Typically, patients are awake during halo removal, which takes place in a clinic. First, the doctor loosens the nuts on the vest and removes the uprights. Then, the nuts on the halo ring are loosened and a screwdriver is used to loosen the pins while someone is holding the ring. Once all the pins are loosened, the ring is lifted from the head. Long hair may complicate halo removal.
There will be small wounds left from the pins. Sometimes they will have a slight amount of bloody fluid, which can be remedied by bandages. All the pin sites will scab over within 24 to 48 hours. Caring for these pin-site openings is easy because you no longer need to clean the pins. Scars will remain but should fade considerably.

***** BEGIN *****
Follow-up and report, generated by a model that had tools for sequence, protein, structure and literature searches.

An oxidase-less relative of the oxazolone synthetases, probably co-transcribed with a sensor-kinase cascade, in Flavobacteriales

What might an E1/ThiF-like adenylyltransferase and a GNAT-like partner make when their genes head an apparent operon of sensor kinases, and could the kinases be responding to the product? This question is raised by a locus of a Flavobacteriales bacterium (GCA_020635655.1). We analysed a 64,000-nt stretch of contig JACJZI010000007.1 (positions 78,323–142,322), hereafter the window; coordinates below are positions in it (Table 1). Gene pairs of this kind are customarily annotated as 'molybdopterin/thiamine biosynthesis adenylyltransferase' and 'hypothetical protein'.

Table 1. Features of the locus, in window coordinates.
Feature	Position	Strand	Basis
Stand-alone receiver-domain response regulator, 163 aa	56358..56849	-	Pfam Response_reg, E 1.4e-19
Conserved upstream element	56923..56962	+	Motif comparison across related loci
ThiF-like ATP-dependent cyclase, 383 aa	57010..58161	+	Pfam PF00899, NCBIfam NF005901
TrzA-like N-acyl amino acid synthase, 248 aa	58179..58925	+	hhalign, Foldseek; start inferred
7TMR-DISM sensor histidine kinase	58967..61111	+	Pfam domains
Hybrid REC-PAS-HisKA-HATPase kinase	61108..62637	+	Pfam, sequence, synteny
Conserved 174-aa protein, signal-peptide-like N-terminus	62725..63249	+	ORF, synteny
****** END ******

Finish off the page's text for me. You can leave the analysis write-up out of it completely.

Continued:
Once the halo is removed, your child may need to wear a collar for some time, as recommended by the surgeon. While your child may be completely healed at this time, the collar offers additional protection from overusing the neck and serves as a transition to normal use. With a collar, as with the halo, checking for skin breakdown should remain part of the daily routine. The collar shouldn’t rub, burn or hurt.